- Training your GSD to stay in a crate will give it time to relax and sleep.
- It will help the dog get disciplined and improve its overall health.
- It will improve the owner-dog relationship.
- It will make the dog respect your more. It will help you pose yourself as the alpha of the pack.
- It will help reduce dog barking, crying, and whining.
- It will keep your GSD away from getting destructive and messy.
- It will make the dog less authoritative and dominant over different areas of the house.
- It will make the dog feel safe and comfortable.
German Shepherds love to stay in a secure place, protected from enemies. In the wild, these dogs find a small nest for themselves which is a hiding place for them. They hide in a nest because it makes them feel safe from weather changes and other animals.
If your GSD is not getting used to the crate, let us know so that we can help you train it in an effective way. You can also sign-up to our newsletter and take help from our informative e-books on GSDs. We are here to ensure that every GSD owner knows everything about their dog and creates an everlasting bond with them.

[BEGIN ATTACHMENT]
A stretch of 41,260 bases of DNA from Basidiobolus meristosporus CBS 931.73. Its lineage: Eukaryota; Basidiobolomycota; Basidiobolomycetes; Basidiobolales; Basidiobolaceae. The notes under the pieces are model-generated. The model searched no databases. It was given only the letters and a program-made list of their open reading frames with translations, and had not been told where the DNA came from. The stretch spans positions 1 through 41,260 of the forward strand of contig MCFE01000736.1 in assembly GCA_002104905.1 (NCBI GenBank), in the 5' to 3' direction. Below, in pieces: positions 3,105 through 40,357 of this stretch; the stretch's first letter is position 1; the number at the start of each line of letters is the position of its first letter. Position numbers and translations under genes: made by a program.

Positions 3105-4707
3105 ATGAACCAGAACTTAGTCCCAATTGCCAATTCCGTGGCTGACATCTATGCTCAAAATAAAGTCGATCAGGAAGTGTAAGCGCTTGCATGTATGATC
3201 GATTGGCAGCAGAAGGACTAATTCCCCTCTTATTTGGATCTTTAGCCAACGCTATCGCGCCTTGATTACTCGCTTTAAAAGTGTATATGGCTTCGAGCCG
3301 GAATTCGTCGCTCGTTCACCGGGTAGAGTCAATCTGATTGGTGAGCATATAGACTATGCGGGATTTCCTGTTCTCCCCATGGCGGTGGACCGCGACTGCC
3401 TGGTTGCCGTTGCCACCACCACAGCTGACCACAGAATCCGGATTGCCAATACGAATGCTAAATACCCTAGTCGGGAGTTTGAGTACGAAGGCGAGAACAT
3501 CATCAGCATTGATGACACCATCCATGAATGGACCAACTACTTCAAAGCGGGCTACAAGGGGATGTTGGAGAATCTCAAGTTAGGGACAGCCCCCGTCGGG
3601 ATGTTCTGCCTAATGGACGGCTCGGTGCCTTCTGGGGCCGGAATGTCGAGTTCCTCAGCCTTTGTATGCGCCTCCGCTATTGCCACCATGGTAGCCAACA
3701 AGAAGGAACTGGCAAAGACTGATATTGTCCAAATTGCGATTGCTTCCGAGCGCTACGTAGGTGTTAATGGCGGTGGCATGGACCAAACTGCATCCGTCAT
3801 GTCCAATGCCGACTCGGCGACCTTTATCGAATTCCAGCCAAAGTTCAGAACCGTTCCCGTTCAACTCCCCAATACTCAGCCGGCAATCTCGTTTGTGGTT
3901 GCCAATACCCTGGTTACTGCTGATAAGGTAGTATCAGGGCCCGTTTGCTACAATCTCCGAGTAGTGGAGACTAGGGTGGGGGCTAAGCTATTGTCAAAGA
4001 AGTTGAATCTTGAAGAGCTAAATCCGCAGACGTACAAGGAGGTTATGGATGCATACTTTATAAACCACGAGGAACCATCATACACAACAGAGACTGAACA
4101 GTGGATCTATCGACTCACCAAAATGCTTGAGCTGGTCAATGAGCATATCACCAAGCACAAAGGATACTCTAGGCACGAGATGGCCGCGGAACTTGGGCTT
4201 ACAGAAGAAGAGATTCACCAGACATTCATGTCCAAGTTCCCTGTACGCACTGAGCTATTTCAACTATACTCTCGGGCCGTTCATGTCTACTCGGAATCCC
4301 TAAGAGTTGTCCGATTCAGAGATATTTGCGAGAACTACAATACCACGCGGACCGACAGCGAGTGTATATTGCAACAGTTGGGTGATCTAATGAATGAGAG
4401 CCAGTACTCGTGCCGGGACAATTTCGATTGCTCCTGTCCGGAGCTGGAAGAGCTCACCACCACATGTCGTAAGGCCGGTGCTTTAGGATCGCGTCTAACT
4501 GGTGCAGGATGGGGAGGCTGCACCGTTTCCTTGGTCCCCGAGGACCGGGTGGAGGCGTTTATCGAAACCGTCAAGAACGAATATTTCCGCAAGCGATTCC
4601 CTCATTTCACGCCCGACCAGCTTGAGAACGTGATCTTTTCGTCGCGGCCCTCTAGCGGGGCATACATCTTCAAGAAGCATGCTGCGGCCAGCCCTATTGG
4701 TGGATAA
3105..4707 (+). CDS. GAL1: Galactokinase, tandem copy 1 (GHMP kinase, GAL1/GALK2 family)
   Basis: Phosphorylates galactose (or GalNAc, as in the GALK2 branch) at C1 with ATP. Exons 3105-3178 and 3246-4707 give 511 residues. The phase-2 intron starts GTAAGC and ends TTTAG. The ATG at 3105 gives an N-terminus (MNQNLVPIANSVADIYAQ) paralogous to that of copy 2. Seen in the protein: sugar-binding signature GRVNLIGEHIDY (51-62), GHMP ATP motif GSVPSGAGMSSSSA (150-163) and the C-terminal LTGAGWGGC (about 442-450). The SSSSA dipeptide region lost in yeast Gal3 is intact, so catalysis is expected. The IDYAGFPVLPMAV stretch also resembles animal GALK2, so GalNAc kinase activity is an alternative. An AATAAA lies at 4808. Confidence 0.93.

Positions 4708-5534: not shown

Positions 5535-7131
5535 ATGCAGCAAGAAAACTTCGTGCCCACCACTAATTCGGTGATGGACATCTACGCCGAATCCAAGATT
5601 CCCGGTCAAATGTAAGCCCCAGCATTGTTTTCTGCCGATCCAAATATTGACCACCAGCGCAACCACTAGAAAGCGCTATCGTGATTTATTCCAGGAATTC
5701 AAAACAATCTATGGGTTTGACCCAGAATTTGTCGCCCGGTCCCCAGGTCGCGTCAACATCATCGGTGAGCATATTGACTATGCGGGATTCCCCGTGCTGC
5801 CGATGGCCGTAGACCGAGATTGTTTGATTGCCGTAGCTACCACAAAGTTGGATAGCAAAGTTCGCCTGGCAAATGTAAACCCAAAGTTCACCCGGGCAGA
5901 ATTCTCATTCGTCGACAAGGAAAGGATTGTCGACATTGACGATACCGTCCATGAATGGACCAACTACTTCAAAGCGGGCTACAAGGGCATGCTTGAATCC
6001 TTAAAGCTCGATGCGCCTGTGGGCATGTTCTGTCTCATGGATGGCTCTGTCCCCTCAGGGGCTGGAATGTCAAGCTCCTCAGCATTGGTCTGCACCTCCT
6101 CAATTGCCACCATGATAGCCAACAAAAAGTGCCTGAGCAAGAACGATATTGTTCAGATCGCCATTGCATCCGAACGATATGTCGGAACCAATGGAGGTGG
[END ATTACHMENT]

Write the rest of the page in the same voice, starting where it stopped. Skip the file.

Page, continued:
Last Updated on April 22, 2022 by Shepped Team
24 thoughts on “Quick & Effective Crate Training For Your German Shepherd”
A question I have regarding crate training is what do I do when my pet is put in his crate and he barks and cries? He does this at night time when its bed time and when he gets put in the crate when nobody is home.
Hi! We have a GSD 6 Mos old and are crate training her for at night and when we are gone. We just got her yesterday…what tips could you give us to help her?
Sorry she is 6 weeks old.
I am having problems with my gsd pup 10 week old to pee out side only. Any suggestions?